• work with regulators to address their problems sooner rather than later;
  • access new sources of capital if available; or
  • sell the institution, in part or whole, if necessary to salvage some value in the institution.

Our goal in regard to the FDIC's new systemic resolution responsibilities is to adapt this framework to systemically important financial institutions, including their holding companies and affiliates, as well as designated non-bank financial companies. This will obviously pose significant new challenges that I will discuss in a moment. But the basic goal is the same. What is needed is an integrated process of supervision and resolution planning for systemically important financial institutions that will provide for early supervisory intervention to avoid resolution, but that will be prepared to carry out an orderly resolution if needed.

The FDIC outlined in a paper how this process might have worked in the Lehman Brothers case. That paper is available on the FDIC website.

Orderly Liquidation Authority, Resolution Planning, and the Office of Complex Financial Institutions

The FDIC has taken a number of steps over the past year to carry out its new systemic resolution responsibilities.

First, the FDIC established a new Office of Complex Financial Institutions to carry out three core functions:

  • monitor risk within and across these large, complex firms from the standpoint of resolution;
  • conduct resolution planning and the development of strategies to respond to potential crisis situations; and
  • coordinate with regulators overseas regarding the significant challenges associated with cross-border resolution.

For the past year, this office has been developing its own resolution plans in order to be ready to resolve a failing systemic financial company. These internal FDIC resolution plans, developed pursuant to the Orderly Liquidation Authority, provided under Title II of Dodd-Frank, apply many of the same powers that the FDIC has long used to manage failed-bank receiverships to a failing systemically important financial institution (SIFI). If the FDIC is appointed as receiver of such an institution, it will be required to carry out an orderly liquidation in a manner that maximizes the value of the company's assets and ensures that creditors and shareholders appropriately bear any losses. The goal is to close the institution without putting the financial system at risk.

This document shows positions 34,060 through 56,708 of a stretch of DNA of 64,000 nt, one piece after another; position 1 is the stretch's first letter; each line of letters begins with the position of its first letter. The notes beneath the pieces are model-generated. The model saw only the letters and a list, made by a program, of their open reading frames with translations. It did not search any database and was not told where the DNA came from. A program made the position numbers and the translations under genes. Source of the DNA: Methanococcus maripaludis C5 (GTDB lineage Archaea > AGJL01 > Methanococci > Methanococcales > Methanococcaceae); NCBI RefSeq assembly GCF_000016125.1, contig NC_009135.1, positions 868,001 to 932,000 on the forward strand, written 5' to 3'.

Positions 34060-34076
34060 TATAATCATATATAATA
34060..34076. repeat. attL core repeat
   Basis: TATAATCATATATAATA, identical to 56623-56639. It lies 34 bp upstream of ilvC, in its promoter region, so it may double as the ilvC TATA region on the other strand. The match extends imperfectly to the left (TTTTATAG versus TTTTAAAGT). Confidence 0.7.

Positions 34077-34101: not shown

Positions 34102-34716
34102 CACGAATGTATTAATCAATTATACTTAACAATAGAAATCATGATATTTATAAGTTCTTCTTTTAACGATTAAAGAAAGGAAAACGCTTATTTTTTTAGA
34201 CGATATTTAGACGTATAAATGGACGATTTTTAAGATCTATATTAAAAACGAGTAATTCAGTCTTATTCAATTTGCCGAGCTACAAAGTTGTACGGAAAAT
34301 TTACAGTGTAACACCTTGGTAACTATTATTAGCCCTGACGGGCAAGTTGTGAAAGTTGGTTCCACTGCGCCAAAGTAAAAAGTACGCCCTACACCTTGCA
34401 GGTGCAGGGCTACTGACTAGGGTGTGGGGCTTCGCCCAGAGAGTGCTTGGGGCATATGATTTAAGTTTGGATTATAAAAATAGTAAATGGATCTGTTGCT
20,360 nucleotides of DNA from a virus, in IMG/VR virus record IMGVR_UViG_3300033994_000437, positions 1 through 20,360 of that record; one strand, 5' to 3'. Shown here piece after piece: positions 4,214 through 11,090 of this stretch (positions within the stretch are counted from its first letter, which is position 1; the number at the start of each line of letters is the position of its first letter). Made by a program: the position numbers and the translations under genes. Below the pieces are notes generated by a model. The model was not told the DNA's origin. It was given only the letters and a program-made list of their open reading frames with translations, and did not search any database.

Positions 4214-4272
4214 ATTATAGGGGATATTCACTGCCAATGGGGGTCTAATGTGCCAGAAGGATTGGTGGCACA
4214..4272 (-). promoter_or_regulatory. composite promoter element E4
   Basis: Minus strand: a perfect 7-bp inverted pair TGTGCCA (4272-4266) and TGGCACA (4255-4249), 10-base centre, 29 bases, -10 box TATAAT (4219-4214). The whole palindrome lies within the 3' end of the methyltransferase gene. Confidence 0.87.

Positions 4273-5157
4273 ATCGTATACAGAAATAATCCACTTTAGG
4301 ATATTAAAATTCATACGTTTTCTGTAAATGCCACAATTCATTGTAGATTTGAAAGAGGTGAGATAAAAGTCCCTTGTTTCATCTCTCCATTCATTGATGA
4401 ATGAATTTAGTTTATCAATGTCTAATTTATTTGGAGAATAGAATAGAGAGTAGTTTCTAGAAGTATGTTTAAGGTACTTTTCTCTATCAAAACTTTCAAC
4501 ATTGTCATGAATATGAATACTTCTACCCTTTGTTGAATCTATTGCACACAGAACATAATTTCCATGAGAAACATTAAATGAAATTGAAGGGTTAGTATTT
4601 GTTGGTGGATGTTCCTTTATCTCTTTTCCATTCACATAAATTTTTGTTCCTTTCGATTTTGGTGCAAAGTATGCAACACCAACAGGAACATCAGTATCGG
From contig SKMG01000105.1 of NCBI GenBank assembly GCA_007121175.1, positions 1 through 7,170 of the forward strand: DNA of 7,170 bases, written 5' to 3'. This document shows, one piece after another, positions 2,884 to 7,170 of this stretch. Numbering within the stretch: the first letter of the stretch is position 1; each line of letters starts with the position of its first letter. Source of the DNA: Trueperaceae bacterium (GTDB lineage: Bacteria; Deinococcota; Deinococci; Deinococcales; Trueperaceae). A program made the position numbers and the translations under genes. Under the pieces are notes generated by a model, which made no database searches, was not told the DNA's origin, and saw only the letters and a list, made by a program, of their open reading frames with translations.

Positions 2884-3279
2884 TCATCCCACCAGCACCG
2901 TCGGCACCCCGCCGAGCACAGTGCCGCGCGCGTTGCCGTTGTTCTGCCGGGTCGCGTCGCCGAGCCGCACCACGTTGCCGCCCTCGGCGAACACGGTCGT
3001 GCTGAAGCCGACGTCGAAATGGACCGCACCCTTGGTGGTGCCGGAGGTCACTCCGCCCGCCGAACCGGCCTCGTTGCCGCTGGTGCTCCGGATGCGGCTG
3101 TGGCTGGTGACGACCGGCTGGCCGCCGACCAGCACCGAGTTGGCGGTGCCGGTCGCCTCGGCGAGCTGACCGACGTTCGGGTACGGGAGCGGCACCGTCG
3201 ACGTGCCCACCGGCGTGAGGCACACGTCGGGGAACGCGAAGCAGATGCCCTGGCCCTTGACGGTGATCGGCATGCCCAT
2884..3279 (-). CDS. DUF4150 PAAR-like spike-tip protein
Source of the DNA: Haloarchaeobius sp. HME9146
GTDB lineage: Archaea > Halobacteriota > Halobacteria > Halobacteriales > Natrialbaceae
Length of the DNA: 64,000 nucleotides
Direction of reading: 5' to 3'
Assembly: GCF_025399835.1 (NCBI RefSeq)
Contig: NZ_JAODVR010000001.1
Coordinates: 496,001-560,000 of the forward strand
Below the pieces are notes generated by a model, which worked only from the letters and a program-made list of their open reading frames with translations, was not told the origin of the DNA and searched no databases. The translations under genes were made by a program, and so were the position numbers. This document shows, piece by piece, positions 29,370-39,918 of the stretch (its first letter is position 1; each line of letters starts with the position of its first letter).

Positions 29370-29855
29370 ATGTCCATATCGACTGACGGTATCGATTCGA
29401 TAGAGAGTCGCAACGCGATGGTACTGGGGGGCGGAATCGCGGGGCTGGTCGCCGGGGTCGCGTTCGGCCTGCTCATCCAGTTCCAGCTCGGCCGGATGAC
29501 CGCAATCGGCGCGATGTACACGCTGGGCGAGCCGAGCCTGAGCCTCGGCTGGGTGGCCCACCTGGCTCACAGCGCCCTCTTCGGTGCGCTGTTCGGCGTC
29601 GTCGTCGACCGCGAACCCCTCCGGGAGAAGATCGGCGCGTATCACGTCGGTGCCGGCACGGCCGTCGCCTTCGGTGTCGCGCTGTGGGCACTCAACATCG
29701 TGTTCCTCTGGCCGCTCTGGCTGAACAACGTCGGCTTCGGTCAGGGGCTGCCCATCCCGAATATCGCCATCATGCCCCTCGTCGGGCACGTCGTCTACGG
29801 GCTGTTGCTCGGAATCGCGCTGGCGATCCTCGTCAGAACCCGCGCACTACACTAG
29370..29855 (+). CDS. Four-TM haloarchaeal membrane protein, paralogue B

This internal resolution planning work is the foundation of the FDIC's implementation of its new responsibilities under Dodd-Frank.

In addition, the FDIC has largely completed the basic rulemaking necessary to carry out its responsibilities under Dodd-Frank.

In July, the FDIC Board approved a final rule implementing the Orderly Liquidation Authority. This rulemaking addressed, among other things, the priority of claims, including administrative expenses, amounts owed to the United States, post-insolvency interest, and the treatment of similarly situated creditors, as well as the claims procedures and how creditors can seek relief in federal court.

In September, the FDIC Board adopted two rules regarding resolution plans that systemically important financial institutions themselves will be required to prepare - the so-called "living wills."

The first resolution plan rule, jointly issued with the Federal Reserve, implements the requirements of Section 165(d) of the Dodd-Frank Act. This section requires bank holding companies with total consolidated assets of $50 billion or more, and certain nonbank financial companies that the Financial Stability Oversight Council designates as systemic, to develop, maintain and periodically submit resolution plans to regulators. The plans will detail how the top-tier legal entity in the enterprise - as well as any subsidiary that conducts core business lines or critical operations - would be resolved under the U.S. Bankruptcy Code.

Complementing this joint rulemaking, the FDIC also issued an Interim Final Rule requiring any FDIC-insured depository institution with assets over $50 billion to develop, maintain and periodically submit plans outlining how the FDIC would resolve it through the FDIC's traditional resolution powers under the Federal Deposit Insurance Act.

These two resolution plan rulemakings are designed to work in tandem and complement each other by covering the full range of business lines, legal entities and capital-structure combinations within a large financial firm. Both of these resolution plan requirements will improve efficiencies, risk management and contingency planning at the institutions themselves. They will supplement the FDIC's own resolution planning work with information that would help facilitate an orderly resolution in the event of failure.

We expect that the process of developing these plans - or "living wills" -- will be a dialogue between the regulators and the firm. It is not a simple "check-the-box" exercise, and it must take into account each firm's unique characteristics. The planning process must be an interactive dialogue, especially for the largest and most complicated firms.

Together, these efforts will ensure comprehensive and coordinated resolution planning for both the insured depository and its holding company and affiliates in the event that an orderly liquidation is required.